Although several studies have looked at the relationship between exercise intensity and fat oxidation at a particular intensity, it was only recently that this relationship has been studied over a wide range of exercise intensities (2). In general terms, what happens is that carbohydrate oxidation increases proportionally with exercise intensity, whereas the rate of fat oxidation initially increases but decreases again at higher exercise intensities (see ﬁgure 2). The point at which fat burning reaches its peak is known as ‘Fatmax’ and the range of exercise intensities close to Fatmax is sometimes referred to as the ‘Fatzone’.
It’s often claimed that you have to exercise at low intensities to burn fat, but you can see from the graph this is not necessarily true. The right hand side of the grey Fatzone is quite vigorous but still close to Fatmax. Another important point to emphasise is that your ﬁtness level will have a big impact on the exercise intensity at which you reach Fatmax.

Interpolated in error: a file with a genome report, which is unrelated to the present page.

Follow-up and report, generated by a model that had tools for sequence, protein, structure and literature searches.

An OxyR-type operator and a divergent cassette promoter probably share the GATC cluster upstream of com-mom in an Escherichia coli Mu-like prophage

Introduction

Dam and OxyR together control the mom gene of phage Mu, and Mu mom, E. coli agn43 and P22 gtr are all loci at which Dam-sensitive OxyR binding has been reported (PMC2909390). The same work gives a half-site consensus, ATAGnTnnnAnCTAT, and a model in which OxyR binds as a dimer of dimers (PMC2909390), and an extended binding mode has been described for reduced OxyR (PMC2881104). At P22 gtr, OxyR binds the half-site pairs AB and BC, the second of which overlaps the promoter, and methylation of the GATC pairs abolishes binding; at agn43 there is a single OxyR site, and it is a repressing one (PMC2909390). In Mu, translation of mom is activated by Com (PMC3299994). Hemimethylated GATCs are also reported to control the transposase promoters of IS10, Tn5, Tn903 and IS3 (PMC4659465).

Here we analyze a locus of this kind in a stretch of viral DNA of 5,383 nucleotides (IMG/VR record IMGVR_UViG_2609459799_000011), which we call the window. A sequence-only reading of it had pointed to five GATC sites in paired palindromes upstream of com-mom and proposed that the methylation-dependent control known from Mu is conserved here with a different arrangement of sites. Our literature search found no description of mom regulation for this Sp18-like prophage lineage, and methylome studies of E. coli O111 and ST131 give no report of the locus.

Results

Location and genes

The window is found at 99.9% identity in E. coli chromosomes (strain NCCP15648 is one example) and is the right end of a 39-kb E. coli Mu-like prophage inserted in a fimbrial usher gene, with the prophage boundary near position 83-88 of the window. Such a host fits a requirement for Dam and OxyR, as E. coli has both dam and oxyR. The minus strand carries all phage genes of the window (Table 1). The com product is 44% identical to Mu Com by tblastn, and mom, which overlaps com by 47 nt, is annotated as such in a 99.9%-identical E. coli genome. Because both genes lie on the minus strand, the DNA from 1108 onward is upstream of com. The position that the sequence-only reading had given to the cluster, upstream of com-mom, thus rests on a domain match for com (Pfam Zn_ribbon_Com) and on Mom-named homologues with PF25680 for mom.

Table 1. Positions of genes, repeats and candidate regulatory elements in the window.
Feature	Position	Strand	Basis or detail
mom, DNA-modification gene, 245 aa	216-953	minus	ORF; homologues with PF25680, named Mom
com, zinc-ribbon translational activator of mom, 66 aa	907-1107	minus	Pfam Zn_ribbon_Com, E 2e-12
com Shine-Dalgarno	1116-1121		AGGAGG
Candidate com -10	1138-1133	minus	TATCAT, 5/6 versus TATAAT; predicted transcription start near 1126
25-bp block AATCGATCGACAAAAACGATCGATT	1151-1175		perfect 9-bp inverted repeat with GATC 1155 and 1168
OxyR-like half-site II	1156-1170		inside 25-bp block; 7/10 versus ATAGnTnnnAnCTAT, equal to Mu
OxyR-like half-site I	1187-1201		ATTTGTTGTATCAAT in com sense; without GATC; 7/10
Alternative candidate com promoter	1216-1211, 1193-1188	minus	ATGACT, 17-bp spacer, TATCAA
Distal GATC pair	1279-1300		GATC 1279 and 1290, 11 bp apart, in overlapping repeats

In a series of studies conducted by Professor Jeukendrup and his team of researchers at the University of Birmingham, it was found that for trained subjects, exercising at a moderate intensity (62-63% of VO2max or 70-75% of maximum heart rate [also known as HRmax]) was the optimal intensity for fat oxidation. However, for less trained individuals, Fatmax occurred at just 50% of VO2max(2,3). This is not surprising really as we know that regular aerobic training ‘teaches’ the body to burn fat more efﬁciently.
In reality, the exact intensity at which fat oxidation peaks is less important because within 5-10% of this intensity (or 10-15 beats per minute), fat oxidation will be similarly high (ie in the Fatzone), and only when the intensity becomes dramatically higher will fat oxidation will drop rapidly. Moreover, this intensity is usually identiﬁable because at this point, many people will perceive a signiﬁcant step up in their rate of exertion.